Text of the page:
Murphy’s Law: The Perverse Timing of Flare-Ups
I’ve been covering larger issues and waxing political the last few weeks. Today I’d like to get personal. I hope that by telling what’s going on in my life right now, I will get some of you to share your own stories.
The most challenging part of explaining my physical issues to other people is the fact that they’re not consistent from day to day. Quick rundown—after being hit by a car on my bike in 2010, I have lingering spinal pain from multiple fractures, I have a rod and 8 screws in my left arm, and my left shoulder was heavily damaged so I can only sleep on one side. My right hand is reattached. It was almost completely amputated and degloved—that’s as gruesome as it sounds. The flesh was ripped from the bones and all that stopped it from being turned inside out was my leather cycling glove. I had traumatic and anoxic brain injuries. With all that, as long as I’m wearing long sleeves, you can’t tell there’s anything amiss.
Some days, especially right after a massage, my hand is perfectly fine. There is always an annoying numb spot between the wrist bones on the outer side, but there are days when it moves perfectly and I don’t notice any problem. Other days, after a big work project or other stressor, my hand is so numb that I drop the cat dishes in the kitchen and it’s hard to sign my name.
Some days my back feels perfectly fine and I enjoy almost normal activity—there is always a sense of “be careful not to overdo it.” Other days my motion is restricted and I can’t move at all without pain. I have a rib head that rests in a heavily scarred socket and it sometimes slides out, resulting in pain and limited mobility. I also have what I call “The Clamp,” persistent nerve pain that can flare under stress or intense activity. When I trigger it, it feels like a metal clamp gripping my spine.
Some days my brain is sharp as Ruth Bader Ginsburg’s. Other days I struggle to remember things and I make decisions omitting giant pieces of information, like once I referred a client to another contractor to bring him onto a job with me, having forgotten that he stiffed me on a job and we no longer work together. (He stiffed me again.)
The timing of my various flare-ups can usually be correlated to a cause, and I often engage in activities knowing they will cost me. What really blows, though, is when a flare-up happens at the worst possible time, when I’m enjoying a highlight experience and it gets me unexpectedly. Anyone with a variable condition like mine will recognize this and know that Murphy’s Law governs our flare-ups much of the time.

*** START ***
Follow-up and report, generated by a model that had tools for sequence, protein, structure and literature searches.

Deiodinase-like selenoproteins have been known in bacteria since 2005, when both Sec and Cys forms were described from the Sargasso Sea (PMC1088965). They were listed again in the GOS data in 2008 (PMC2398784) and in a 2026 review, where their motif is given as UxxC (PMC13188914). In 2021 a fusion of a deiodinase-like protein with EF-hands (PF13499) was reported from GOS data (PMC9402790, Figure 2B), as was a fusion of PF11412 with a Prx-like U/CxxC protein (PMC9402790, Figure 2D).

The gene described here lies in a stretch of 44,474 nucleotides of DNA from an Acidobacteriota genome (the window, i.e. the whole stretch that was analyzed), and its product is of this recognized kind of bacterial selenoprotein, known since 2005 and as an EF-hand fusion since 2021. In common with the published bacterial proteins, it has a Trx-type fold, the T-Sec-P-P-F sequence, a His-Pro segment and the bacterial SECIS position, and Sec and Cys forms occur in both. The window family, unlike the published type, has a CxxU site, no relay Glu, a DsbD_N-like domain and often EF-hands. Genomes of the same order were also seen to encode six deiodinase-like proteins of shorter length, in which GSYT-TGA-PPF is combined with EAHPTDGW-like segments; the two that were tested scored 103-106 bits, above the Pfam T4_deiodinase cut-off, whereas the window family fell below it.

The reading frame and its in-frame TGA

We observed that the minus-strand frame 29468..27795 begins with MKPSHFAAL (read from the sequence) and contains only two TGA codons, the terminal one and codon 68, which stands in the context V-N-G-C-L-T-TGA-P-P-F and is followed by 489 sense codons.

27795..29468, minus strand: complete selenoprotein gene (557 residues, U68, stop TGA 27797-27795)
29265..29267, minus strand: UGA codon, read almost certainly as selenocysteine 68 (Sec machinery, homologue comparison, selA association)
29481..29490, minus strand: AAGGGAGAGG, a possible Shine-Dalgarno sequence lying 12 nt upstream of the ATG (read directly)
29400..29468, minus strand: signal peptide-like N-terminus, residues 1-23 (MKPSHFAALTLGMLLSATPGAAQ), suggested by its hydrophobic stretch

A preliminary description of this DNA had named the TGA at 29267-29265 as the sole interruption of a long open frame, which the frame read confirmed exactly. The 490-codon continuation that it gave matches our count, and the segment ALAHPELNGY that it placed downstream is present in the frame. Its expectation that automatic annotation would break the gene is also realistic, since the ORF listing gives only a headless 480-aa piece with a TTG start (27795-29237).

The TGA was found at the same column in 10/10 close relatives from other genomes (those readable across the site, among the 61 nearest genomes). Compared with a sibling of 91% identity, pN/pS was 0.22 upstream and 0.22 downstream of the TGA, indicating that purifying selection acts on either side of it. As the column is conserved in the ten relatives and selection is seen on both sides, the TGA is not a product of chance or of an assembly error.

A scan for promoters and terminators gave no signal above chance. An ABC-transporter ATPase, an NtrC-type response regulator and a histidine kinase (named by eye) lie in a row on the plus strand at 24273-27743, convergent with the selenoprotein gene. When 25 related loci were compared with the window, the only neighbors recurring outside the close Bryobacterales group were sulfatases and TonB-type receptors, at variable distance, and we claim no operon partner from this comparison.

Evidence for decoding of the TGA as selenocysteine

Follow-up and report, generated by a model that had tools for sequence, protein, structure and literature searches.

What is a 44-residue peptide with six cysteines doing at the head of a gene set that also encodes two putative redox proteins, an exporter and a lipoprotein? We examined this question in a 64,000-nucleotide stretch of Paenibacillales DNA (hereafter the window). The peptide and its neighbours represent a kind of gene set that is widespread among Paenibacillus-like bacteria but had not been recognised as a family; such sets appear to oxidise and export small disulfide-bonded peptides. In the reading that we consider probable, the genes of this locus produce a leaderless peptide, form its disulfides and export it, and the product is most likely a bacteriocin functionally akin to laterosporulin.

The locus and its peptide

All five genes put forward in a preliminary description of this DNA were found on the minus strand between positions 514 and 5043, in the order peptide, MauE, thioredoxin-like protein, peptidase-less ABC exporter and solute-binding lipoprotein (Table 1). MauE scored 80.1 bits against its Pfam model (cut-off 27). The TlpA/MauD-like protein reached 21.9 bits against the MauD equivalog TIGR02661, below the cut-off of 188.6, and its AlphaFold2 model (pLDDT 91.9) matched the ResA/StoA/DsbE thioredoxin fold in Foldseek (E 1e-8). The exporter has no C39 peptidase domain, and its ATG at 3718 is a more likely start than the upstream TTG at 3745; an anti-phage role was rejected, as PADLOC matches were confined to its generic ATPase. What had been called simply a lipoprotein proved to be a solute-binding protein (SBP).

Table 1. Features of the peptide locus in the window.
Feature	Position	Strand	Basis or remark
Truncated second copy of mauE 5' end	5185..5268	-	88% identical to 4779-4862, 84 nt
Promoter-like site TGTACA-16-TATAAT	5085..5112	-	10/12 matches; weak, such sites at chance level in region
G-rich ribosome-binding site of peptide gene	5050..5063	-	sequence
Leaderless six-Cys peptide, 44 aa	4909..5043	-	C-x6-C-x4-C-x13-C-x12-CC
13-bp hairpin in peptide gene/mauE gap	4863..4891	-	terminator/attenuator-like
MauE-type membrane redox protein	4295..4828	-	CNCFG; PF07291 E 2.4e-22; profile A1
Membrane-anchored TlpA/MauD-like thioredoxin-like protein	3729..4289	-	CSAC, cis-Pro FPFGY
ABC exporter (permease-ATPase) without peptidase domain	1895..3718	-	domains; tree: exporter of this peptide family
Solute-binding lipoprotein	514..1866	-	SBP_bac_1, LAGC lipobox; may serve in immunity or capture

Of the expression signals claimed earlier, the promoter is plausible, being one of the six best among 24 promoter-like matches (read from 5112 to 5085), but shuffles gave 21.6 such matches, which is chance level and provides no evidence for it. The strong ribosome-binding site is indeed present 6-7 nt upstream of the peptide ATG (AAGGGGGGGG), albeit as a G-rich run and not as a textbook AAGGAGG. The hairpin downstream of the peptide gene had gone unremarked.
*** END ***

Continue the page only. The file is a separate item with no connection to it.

My rib was stable for 2 years and I thought that problem was over. Then my home-based work got thin and I started driving deliveries for a multi-restaurant delivery service similar to Uber Eats. I know my limits and only scheduled 3 or 4 hours at a time, never 2 days in a row. Still, after just one week of all that getting in and out of the car, my rib slid out of place. I was flattened for 3 days. During the 4 months I did that job, I missed a week of work every month due to rib displacement. The chiropractor gets it back in place, I recover, and we start the cycle again.
Last summer I went on my usual long bike trip on Vancouver Island. By the time I got to my Happy Place, the Free Spirit Spheres hanging treehouse resort, I had ridden a ridiculous number of miles and I was tired but feeling strong. Until the first morning when I prepared to go into town and picked up my pannier bag to carry down the spiral staircase to the ground. It felt like I’d been stabbed from behind. The rib was out, farther and more painfully than ever before. I carefully laid down on the bed. It took 3 hours to get up the strength to walk to the office and ask for help. My trip would have been ruined if my hosts hadn’t gone all out to care for me, serving me meals with wine in my sphere—definitely not part of the standard guest package.
I thought that was the last of the rib nonsense; I quit the delivery job in September and eliminated that stressor. But just this last weekend, I had a friend come up from Portland on the train so I could teach her how to brew my artisanal biodegradable laundry soap. I call it Glurp. We got up early and started boiling 5 gallons of water, 2 large pans at a time. We added the dry ingredients and I demonstrated the paint stirring attachment on my power drill, then let Carolyn try it. As I turned back toward the stove, it felt like a fist jammed between my ribs and squeezed the air out of my lung. I was down for half an hour, then for the rest of the day, I struggled to participate in a scaled-down version of the day we had planned.
It’s always when you really need to be at your best that the flare-ups take you down. It makes sense that flare-ups would act this way—when your energy is ramped up and adrenalin might suppress your early warning signals, it’s a perfect recipe for a failure of your normal defense system. You think you can push a little harder “just this once” and it will be okay. Sometimes it is; often it isn’t.
Tell me about a time recently when your condition flared up and spoiled something for you. It’s okay, this is a safe-to-complain zone. We all know we will resume stiff-upper-lip mode as soon as we walk away from our screens.
, . (2018). Murphy’s Law: The Perverse Timing of Flare-Ups. Psych Central. Retrieved on March 22, 2018, from https://blogs.psychcentral.com/hidden-disabilities/2018/02/murphys-law-the-perverse-timing-of-flare-ups/